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Habituation to sub-lethal concentrations of tea tree oil (Melaleuca alternifolia) is associated with reduced susceptibility to antibiotics in human pathogens

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McMahon, MAS, Blair, Ian S., Moore, John E. and McDowell, DA (2007) Habituation to sub-lethal concentrations of tea tree oil (Melaleuca alternifolia) is associated with reduced susceptibility to antibiotics in human pathogens. JOURNAL OF ANTIMICROBIAL CHEMOTHERAPY, 59 (1). pp. 125-127. [Journal article]

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DOI: 10.1093/jac/dkl443

Abstract

Objectives: To investigate the effect of sub-lethal challenge with tea tree oil (TTO) on the antibiotic susceptibility profiles of significant human pathogens and commensals. Methods: The study compared the antibiotic susceptibility (Etest) patterns of Escherichia coli, Staphylococcus aureus/methicillin-resistant S. aureus (MRSA) and Salmonella spp. after broth culture for 72 h in the presence or absence of sub-lethal concentrations of TTO (0.25%, 0.25% and 0.1%). Results: All habituated cultures (exposed to sub-lethal concentrations of TTO) displayed reduced susceptibility to a range of clinically relevant antibiotics compared with non-habituated (control) cultures. Conclusions: Although TTO may be an effective antimicrobial agent when appropriately used at bactericidal concentrations, its application at sub-lethal concentrations may contribute to the development of antibiotic resistance in human pathogens.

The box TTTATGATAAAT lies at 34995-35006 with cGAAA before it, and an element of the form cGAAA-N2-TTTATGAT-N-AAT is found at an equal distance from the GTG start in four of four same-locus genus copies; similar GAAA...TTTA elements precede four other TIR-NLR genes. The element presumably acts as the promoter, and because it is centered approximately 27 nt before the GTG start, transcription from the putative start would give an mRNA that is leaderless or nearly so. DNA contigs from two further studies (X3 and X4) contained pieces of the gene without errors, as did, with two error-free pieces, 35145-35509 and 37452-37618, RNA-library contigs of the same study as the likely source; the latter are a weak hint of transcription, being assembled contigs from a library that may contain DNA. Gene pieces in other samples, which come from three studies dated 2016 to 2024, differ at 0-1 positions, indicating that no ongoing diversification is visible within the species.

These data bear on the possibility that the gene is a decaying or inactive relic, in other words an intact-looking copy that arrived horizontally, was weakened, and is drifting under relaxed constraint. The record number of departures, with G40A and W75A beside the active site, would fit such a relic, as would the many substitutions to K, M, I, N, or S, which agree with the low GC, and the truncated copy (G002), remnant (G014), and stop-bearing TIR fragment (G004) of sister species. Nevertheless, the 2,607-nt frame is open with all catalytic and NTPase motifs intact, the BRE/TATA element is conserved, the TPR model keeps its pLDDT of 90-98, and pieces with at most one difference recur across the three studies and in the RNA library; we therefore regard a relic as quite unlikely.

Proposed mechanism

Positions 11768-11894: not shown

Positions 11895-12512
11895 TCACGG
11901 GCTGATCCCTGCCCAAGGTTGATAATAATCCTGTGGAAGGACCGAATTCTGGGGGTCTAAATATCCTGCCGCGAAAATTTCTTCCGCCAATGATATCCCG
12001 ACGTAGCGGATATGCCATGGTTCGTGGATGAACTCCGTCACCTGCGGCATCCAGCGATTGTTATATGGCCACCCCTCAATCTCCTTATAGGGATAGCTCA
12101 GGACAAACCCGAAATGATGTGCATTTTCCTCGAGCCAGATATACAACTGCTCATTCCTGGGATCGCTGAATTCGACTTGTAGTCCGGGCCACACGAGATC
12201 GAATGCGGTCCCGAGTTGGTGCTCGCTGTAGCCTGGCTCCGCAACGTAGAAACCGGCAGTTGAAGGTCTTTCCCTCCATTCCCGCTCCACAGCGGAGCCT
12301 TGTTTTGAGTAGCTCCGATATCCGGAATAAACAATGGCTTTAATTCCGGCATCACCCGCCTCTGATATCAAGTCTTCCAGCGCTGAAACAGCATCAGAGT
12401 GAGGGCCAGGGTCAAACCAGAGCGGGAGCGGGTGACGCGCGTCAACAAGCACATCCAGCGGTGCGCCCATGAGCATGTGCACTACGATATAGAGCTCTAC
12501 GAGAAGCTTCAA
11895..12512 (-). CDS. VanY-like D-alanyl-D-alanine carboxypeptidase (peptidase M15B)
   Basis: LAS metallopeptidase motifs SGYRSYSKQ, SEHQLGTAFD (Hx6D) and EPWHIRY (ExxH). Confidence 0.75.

Item Type:Journal article
Keywords:antibiotic susceptibility profiles; MRSA; antibacterial agents
Faculties and Schools:Faculty of Life and Health Sciences
Faculty of Life and Health Sciences > School of Health Sciences
Research Institutes and Groups:Biomedical Sciences Research Institute
Biomedical Sciences Research Institute > Infection and Immunity/Microbiology
ID Code:6117
Deposited By:Dr Ann McMahon
Deposited On:13 Jan 2010 11:55
Last Modified:01 Mar 2012 15:00

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